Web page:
I love to go hiking and Rocky Mountain National Park is one of my favorite places to explore. But, the Park trails are covered in snow from Fall through early June, making it hazardous to navigate with just hiking boots. This year, I wasn’t going to let a little snow keep me off the trails. I decided to try snowshoeing.
Two Sides of the Park – East and West
Trail Ridge Road connects the east side of the Park with the west side. Since the road closes in winter, my first decision was whether to snowshoe on the east side near Estes Park, or on the west side near Grand Lake. Both sides have great trails but I chose east simply because of the mileage from my home in Boulder.
Boots and Snowshoes
Buying recreational hiking snowshoes can cost anywhere from $50 to $500. Being my first time, the best option for me was to rent. I rented a pair of basic snowshoes and poles for $6 from the Estes Park Mountain Shop, but there are also several other stores that rent in Estes Park and in my home town of Boulder.
Showshoes are pretty much one-size-fits-all with options for adults and children. They have adjustable bindings that will fit snugly around your boots. For footwear, you want a rugged sole and ankle support such as a hiking boot or sturdy winter boot. I owned a good pair of boots but I could have rented insulated boots for an additional $10 per day.
Beaver Meadows Visitor Center
My next stop was the Beaver Meadows Visitor Center which is just outside the Park entrance. They have ranger-led snowshoe tours three times per week, and a moonlight snowshoe tour once a month at the full moon. These tours are free but they require an advance reservation. I didn’t have a reservation so I was on my own, but the ranger did have some good advice on where I should go.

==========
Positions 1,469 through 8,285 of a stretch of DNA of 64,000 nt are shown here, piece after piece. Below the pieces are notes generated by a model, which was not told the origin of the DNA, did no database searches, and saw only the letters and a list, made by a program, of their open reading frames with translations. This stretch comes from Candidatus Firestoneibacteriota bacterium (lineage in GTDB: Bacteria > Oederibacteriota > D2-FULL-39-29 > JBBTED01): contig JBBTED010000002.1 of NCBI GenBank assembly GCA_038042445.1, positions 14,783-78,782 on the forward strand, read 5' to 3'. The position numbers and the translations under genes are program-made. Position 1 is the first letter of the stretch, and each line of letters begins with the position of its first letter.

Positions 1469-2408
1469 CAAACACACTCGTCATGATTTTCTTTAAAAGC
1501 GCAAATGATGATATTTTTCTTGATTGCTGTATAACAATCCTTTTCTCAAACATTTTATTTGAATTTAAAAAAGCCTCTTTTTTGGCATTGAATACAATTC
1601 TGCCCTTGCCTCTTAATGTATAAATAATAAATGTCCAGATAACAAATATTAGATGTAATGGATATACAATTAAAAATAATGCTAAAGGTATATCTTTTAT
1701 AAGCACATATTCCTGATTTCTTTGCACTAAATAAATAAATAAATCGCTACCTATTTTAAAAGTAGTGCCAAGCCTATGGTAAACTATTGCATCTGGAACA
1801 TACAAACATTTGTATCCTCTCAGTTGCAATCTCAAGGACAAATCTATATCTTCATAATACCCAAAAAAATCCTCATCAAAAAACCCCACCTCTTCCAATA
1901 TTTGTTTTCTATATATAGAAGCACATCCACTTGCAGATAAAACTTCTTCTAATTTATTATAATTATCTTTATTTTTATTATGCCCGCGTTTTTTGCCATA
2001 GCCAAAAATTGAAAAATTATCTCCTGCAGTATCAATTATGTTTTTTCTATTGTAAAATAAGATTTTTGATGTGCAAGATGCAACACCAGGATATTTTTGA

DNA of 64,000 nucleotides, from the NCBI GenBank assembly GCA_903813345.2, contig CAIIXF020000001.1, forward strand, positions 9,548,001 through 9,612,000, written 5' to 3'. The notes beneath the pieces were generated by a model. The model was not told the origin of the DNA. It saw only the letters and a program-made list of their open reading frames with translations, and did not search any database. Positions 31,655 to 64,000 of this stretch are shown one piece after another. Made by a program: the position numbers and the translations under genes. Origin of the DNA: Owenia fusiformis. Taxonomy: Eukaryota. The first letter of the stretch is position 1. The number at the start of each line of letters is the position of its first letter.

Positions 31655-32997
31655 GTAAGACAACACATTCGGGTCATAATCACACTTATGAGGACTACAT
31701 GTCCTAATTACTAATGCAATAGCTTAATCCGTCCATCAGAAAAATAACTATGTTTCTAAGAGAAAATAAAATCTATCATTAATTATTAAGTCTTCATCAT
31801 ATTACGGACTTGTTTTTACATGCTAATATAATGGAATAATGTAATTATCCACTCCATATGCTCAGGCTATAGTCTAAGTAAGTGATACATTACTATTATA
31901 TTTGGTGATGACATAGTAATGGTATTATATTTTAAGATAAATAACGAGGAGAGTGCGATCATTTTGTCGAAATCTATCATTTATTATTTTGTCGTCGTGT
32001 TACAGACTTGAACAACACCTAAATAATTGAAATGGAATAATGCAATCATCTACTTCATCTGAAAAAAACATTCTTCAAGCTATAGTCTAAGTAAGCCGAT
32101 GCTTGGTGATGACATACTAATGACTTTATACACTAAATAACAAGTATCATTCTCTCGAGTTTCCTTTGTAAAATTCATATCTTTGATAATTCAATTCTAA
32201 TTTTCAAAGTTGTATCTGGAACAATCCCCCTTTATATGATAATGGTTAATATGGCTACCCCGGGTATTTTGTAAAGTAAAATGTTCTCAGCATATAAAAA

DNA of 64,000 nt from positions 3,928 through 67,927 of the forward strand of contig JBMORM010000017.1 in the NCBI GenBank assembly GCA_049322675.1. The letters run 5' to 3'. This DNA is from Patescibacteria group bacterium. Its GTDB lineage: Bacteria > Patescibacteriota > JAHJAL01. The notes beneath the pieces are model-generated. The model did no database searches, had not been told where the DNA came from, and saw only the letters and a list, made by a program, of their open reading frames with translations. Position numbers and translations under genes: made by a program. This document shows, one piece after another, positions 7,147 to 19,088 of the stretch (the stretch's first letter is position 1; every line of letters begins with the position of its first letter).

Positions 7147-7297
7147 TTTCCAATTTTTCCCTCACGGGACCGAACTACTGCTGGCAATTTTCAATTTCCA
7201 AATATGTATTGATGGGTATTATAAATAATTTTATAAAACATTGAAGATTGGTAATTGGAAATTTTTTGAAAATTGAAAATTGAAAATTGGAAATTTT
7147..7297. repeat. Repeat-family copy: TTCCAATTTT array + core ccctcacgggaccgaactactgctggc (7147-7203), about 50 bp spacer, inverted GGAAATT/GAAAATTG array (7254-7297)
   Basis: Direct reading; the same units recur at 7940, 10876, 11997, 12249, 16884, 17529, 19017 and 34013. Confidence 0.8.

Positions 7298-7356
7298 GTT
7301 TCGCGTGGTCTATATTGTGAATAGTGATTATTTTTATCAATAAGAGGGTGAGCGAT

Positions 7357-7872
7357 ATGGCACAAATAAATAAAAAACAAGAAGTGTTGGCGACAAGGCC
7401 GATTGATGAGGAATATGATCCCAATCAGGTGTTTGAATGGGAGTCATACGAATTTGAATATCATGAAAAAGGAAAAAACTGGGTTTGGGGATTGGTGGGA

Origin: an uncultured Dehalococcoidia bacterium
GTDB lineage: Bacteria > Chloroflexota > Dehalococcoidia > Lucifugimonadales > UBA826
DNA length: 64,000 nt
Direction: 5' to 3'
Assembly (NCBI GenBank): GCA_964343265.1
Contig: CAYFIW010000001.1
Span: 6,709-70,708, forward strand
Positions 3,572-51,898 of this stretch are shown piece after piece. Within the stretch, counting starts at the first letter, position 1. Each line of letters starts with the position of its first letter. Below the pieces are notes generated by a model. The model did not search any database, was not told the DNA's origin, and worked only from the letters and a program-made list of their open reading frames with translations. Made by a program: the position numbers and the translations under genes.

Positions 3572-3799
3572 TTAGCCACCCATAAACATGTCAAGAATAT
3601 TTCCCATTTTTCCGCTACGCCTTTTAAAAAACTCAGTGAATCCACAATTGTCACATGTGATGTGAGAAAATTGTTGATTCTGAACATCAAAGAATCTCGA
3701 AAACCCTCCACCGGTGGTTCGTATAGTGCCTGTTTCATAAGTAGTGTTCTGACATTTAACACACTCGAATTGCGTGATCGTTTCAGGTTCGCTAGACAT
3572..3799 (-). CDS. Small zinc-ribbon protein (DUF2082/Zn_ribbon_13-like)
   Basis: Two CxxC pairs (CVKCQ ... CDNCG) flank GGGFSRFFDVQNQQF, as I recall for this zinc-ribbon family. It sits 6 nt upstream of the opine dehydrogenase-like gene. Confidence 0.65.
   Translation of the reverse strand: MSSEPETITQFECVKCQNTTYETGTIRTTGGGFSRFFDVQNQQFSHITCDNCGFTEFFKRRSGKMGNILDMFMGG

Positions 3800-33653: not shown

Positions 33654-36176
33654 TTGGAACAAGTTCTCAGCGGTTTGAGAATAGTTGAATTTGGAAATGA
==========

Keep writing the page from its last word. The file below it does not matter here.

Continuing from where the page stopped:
1. Sprague Lake
I headed over to Sprague Lake for my first snowshoe romp. Sprague Lake is easy to get to in the Park and has a nice-sized parking lot. There is a small bridge that gives you access to the lake’s trail (pictured at top of page). The lake is one of the most photographed spots in the park with fabulous views of snowy peaks, especially beautiful at sunrise. The trail around Sprague Lake is a mere half mile and has virtually no elevation gain. This was a perfect location for me to get my snow legs.
2. Nymph Lake
After the very easy walk around Sprague Lake, I was ready for something a little more challenging. I drove down to the Bear Lake area parking lot. Bear Lake has restroom facilities and is the starting point for many trails, including Emerald Lake (trailhead pictured above). On your way to Emerald Lake, you will pass by two other lakes, Nymph Lake (my destination), and Dream Lake. To get to Nymph Lake, you hike about a half mile with an elevation gain of 230 feet – another easy trek. Up at Nymph Lake, I took the trail around the lake with several great vantage points of peaks and towering pines (pictured below).
If you are more ambitious, you could do the entire trail to Emerald Lake which is 1.8 miles one way with an elevation gain of 615 feet.
3. Bear Lake
After getting down from Nymph Lake, I decided to take the short walk around Bear Lake. Like the others, this is about a half-mile around the lake. Since Bear Lake is so accessible, you’ll see more people on this trail and on the lake itself. The lake is surrounded by beautiful peaks from every angle, and a few icicle falls from melting snow.
In all, I snowshoed a little over two miles in total and saw some awe-inspiring sights in three areas of the park. I can recommend this adventure to explorers of all ages and abilities including families with young children.